The holiness of God isn’t something we talk about too often, but it’s apparently a significant theme, historically evidenced in some famous hymns (“Holy, Holy, Holy,” etc.), in the frequent usage of the word in the worship going on in heaven (Rev. 4:8) and in the Psalms (Psalm 103:1), and in the sheer quantity of the word’s occurrence in the Bible. It seems to be a word we often cower under as we recognize our own sinfulness in comparison to God’s “holiness,” understood as His lack of and hatred toward sin.
When the “Holy, Holy …” type songs come along in the worship set, it’s not uncommon to see some if not many fall to their knees or make some alternative physical expression of contrition. I would be willing to wager however, that such responses are frequently not as much a response of awe and wonder to the intrinsic holiness of God, but rather a somewhat guilt and shame laden acknowledgment of one’s own shortcomings.
And while this is just my experience, I think nearly everything on the subject of holiness I’ve ever read, heard preached or discussed concerns the holiness we are commanded to have, which eventually spirals to a spirituality dominated by “should” and “must,” and their counterparts guilt and regret. Regardless of any absence of grace and failure to adequately portray the heart of Jesus, isn’t such an understanding of holiness man-centered as opposed to God-centered? When we think of, sing about, write on or discuss the topic of holiness, shouldn’t the holiness of God be both our point of commencement and our final goal? The Scriptures say, “Be holy as I am holy,” so shouldn’t an in-depth understanding and experience of God’s own holiness be the foundational groundwork for any attempt at holiness in our own lives?
In the Hebrew Scriptures (Old Testament), the word translated “holy” basically means “set apart,” expressing the ideas of uniqueness or something that is totally other than anything else. The opposite of holy is not unclean (whose opposite is clean), but common, or normal. It points not so much to the fact that God is devoid of and diametrically opposed to sin (which He is, by the way) but to His incomparability, to His infinite and unmatched superiority, that there is no one or nothing else like Him, that He is utterly magnificent in beauty and in all His ways. It is a kind of summary attribute for God describing all of His attributes.
Micah 7:18 is very illuminating concerning the holiness of God: “Who is a God like you, pardoning sin and forgiving transgression … You do not stay angry forever but delight in showing mercy.” When Micah says, “Who is like you?” this rhetorical question is the language of incomparability; He is giving us insight into what exactly it is that makes God holy. While there could potentially be many answers to this question, Micah’s discussion of God’s holiness is so remarkable that it is unmatched in any other religious document in the world. What makes God holy, what sets Him apart from all other people and things, the center of His uniqueness, is His profound ability in and enjoyment of forgiving us even when we come woefully short of His standards.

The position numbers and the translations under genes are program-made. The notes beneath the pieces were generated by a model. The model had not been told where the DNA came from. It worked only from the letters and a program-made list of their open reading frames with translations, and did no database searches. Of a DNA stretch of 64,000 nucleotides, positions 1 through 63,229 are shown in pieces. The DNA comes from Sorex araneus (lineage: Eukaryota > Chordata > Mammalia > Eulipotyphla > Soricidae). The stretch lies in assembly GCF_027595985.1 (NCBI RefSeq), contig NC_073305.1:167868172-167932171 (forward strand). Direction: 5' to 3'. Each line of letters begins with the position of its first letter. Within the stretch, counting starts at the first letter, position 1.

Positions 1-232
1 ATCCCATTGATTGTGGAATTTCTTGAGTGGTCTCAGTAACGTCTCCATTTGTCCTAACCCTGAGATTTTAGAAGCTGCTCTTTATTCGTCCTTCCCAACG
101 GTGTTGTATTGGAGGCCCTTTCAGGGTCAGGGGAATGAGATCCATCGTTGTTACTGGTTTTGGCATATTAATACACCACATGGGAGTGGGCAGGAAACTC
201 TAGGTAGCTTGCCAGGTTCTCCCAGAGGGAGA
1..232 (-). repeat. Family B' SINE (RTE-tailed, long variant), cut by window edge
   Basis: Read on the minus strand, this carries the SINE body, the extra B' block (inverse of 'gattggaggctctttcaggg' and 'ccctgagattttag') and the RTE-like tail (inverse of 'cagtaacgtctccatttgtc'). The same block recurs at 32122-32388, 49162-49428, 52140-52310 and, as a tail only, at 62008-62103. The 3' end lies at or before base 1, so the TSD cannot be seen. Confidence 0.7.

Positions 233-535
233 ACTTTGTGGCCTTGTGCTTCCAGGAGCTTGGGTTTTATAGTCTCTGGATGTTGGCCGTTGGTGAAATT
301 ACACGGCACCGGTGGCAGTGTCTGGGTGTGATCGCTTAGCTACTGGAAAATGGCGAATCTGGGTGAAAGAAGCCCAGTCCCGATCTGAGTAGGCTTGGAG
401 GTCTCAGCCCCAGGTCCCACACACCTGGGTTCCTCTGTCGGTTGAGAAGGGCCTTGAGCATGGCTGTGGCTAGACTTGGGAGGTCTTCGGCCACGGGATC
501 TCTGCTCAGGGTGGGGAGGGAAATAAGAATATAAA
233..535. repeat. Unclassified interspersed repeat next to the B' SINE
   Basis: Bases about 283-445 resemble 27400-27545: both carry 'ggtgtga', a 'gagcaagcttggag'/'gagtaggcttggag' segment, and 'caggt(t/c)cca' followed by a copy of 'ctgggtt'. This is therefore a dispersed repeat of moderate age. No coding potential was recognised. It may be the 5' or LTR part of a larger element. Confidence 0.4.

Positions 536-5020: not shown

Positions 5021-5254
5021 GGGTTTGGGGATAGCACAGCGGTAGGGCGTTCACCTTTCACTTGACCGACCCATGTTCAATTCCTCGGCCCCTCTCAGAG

God’s holiness is not just about His separation from sin, but His unique expertise in taking weak and broken people like ourselves—who love doing things our own way, when we struggle and stumble and even willingly choose what is wrong—and drawing us back to His side. It says that He “delights in showing mercy.” He doesn’t forgive us because He has to—He wants to; He enjoys it. His heart radiates with joy and a smile comes to His face whenever He removes any and all hindrances in our relationship with Him; He wipes the proverbial slate clean, gives us a new beginning and then relates to us as though we had never even sinned (2 Cor. 5:19), so He can eternally embrace us as His precious children.
Next time you think about holiness or your journey into holiness, try looking at it from that perspective. God’s holiness does mean He hates sin, but it also means that when we do struggle, what makes Him the happiest is simply to forgive, embrace and restore us.[Stories on RELEVANTmagazine.com are user-submitted. The viewpoints expressed are the opinions of the author and do not necessary reflect the opinion of RELEVANT magazine. For exclusive in-depth stories, subscribe now to RELEVANT magazine. If you are interested in submitting an article, please check out our writers guidelines.]